opening out

Lesbian-feminist author and student of Tibetan Buddhism, Daphne Marlatt, redefines everyday binaries and bridges the worlds of art, academia and gender politics.

photo by jocelyn mandryk

In my final year of university, I took an English class called Subversive Inscriptions: Canadian Lesbian Literature. It fundamentally changed my concepts of language, gender, writing and what it means to be a woman in this culture. Daphne Marlatt was my teacher, and the reason I took the class. I admired her poetry, fiction and literary theory, and respected her lesbian-feminist politics.

Eight years later, I had the pleasure of working with Marlatt again, when she was my mentor at a writing retreat in the Rockies. She was unavailable for meetings in the late afternoon because she was meditating, and at one point during the residency she had to dash off to see her teacher, Zasep Tulku Rinpoche.

I learned that not only was she a lesbian-feminist author, but she was also a student of Tibetan Buddhism; for some reason, this surprised me. It also intrigued me, as I had just started out on the path of yoga, and I resonated with her Tibetan Buddhist practices and perspective. I was curious to learn what had led to her practice in the Gelug school of Tibetan Buddhism (which happens to be the same lineage as the Dalai Lama), and I found myself wanting to know which came first, the feminism or the Buddhism.

Roseanne Harvey   How did your interest in Tibetan Buddhism evolve?

Daphne Marlatt   I met my teacher, Zasep Tulku Rinpoche, in the summer of 1980, when I was teaching a writing workshop at the Kootenay Lake School of the Arts in Nelson. The poet David McFadden introduced me to him. I joined his evening meditation group and was very drawn to his teaching. Still, it wasn't something I could sustain at home in Vancouver in the midst of my involvement in several overlapping arts communities. So, when I learned that Rinpoche had moved to Toronto to start a centre there, I let it all slip away.

After that, the upheaval of discovering feminist theory and writing, as well as coming out as a lesbian, prompted a series of cataclysmic changes and moves in my life over a number of years. I don't think the humanist vision at the heart of feminism is very different from Buddhist ethics, though at the time the two seemed incompatible to me. Then, around 1990, after my then-partner, Betsy Warland, and I had moved to Salt Spring Island, we took a course in Tibetan Buddhist philosophy and soon a meditation group from that course began sitting weekly at our house.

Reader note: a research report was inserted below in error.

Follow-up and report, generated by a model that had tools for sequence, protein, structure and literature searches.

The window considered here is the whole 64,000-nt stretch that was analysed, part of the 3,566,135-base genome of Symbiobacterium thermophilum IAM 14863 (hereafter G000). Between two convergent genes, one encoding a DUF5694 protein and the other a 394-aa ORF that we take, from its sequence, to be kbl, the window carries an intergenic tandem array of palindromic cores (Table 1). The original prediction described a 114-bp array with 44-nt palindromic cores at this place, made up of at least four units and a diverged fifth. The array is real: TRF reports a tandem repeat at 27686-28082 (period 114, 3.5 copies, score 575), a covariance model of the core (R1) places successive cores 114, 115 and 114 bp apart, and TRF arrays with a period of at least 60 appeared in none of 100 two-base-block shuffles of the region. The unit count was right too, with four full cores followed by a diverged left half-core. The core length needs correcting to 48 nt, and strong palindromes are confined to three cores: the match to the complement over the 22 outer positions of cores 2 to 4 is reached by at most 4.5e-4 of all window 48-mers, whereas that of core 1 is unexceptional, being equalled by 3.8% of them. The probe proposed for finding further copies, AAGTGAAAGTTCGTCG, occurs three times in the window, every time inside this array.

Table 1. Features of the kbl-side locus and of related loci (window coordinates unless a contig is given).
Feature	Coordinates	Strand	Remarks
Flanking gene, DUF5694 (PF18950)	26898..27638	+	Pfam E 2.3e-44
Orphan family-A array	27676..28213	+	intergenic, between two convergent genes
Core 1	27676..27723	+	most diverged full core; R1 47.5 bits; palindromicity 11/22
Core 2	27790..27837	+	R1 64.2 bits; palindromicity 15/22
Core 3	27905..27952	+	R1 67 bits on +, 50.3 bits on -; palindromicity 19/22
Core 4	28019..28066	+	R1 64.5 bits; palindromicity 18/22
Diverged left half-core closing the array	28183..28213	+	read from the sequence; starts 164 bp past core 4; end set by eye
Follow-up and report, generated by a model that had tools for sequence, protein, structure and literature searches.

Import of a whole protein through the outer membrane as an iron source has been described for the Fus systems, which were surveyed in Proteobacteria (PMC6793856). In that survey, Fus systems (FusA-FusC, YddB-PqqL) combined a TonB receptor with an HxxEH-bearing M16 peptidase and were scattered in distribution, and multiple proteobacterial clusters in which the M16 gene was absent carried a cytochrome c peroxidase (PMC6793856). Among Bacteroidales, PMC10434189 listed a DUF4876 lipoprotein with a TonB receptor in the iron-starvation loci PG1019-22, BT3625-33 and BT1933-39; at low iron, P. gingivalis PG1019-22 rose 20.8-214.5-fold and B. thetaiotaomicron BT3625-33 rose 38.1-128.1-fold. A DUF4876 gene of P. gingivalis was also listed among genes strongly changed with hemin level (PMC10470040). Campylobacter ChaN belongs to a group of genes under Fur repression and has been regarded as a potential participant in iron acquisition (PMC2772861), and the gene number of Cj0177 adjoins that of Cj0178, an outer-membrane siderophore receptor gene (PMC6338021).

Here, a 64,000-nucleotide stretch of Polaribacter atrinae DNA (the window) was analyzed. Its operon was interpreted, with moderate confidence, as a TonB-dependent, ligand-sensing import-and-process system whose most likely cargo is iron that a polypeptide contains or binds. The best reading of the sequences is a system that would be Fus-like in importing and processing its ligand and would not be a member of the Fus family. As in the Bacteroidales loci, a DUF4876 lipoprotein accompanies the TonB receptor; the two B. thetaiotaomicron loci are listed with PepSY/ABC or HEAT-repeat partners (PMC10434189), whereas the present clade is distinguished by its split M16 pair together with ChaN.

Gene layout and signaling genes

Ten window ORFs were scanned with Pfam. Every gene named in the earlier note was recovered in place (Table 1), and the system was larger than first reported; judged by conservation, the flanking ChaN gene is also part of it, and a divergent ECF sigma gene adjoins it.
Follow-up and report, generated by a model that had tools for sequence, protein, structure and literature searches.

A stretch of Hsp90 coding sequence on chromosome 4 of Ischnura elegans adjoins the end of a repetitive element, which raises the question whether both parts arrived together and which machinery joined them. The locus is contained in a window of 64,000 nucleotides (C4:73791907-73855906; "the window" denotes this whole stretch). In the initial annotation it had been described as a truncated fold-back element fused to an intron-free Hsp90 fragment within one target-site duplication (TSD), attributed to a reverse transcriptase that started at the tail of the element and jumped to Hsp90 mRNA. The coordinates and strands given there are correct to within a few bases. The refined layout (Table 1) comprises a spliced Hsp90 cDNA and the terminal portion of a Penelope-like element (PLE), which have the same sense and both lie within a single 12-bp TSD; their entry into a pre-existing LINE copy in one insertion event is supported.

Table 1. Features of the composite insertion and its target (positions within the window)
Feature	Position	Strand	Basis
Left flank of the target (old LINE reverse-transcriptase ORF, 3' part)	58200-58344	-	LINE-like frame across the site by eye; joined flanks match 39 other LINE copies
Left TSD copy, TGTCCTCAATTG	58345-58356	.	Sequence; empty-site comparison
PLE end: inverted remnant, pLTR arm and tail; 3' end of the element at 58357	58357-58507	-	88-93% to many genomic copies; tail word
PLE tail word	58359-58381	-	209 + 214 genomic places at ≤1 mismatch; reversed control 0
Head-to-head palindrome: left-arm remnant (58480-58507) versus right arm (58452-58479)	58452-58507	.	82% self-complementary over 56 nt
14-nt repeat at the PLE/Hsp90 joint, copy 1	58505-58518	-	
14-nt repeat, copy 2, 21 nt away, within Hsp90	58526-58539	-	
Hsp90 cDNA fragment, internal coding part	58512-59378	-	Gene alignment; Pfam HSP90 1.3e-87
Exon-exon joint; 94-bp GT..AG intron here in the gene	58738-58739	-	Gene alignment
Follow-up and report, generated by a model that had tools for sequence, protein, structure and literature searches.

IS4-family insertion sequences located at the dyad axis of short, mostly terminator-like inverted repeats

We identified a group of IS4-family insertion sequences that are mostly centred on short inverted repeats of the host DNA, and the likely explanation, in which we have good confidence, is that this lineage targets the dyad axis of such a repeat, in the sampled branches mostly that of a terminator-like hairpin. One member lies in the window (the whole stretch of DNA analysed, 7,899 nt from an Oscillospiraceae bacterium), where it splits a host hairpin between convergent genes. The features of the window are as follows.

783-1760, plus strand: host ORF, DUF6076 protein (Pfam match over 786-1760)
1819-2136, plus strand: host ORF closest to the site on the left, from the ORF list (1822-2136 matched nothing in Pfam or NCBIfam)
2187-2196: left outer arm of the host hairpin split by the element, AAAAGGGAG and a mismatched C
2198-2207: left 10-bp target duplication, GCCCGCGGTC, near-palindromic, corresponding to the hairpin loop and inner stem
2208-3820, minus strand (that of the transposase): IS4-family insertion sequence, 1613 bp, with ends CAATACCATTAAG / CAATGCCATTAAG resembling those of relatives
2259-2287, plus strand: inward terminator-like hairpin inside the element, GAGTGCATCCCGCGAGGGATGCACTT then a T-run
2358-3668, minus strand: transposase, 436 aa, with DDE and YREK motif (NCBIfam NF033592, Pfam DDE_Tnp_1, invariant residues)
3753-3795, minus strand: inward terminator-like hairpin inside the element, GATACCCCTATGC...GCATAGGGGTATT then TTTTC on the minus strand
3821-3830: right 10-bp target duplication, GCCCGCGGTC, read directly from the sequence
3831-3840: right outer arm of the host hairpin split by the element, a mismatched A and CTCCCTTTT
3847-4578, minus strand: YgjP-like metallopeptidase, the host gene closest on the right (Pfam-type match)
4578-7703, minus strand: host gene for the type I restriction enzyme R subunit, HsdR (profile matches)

Shortly thereafter, I learned from a friend that Zasep Rinpoche was coming regularly to Vancouver where he had a small number of students. I was feeling a certain amount of despair at that point about the political struggles that were splintering various feminist communities across the country, so conditions were ripening for me to take another tentative step. The next time Rinpoche came, we went over for his teaching and as soon as I began meditating in his presence I found tears of happiness and relief running down my face.

I knew I couldn't let the gift of this second opportunity slip away, so in 1993 I asked if he would accept me as a student. I have been studying with him ever since. My partner, Bridget MacKenzie, and I have been together thirteen years now; he gave us a blessing ceremony some years ago. We are both his students and both active members of Zuru Ling, his Gelug centre in Vancouver. In fact, Zuru Ling was one of the major reasons we moved from Victoria back to Vancouver seven years ago – it has become a big part of our life together.

RH   “Upheaval” and “cataclysmic changes” – sounds intense. How did you incorporate such large changes into your life?

DM   It’s a series of openings out, I think. That’s what goes on in each of these apparent transformations – which really aren’t transformations because there had been signals all along. But in each of these events, my experience of it is that it is an integration, an opening. It’s integrating more of my experience as a whole, being alive at this point in time, in this culture.

RH   I see there’s a clear relationship between your feminism and spirituality. How about your writing? Do you find you need to bridge between your worlds of feminist poetics and your spiritual practice?

DM   Yes. I often fall into thinking they are separate or even mutually exclusive, while in larger moments I know they inform and enrich each other. As a young poet in the 1960s, I had the good fortune of meeting a number of poets whose work openly addressed the spiritual component in being human – Allen Ginsberg, Charles Olson, Robert Duncan, Denise Levertov, Margaret Avison, Robert Creeley were all there for one extraordinary summer school on poetry and poetics at UBC in 1963. That groundswell where language, psyche and political consciousness came together in a large vision of what it means to be awake and alive in the world shaped me as a writer.

Roseanne Harvey eats, sleeps, writes, edits and drums in Montreal.

Copyright ©2007 ascent magazine, first Canadian yoga magazine, yoga for an inspired life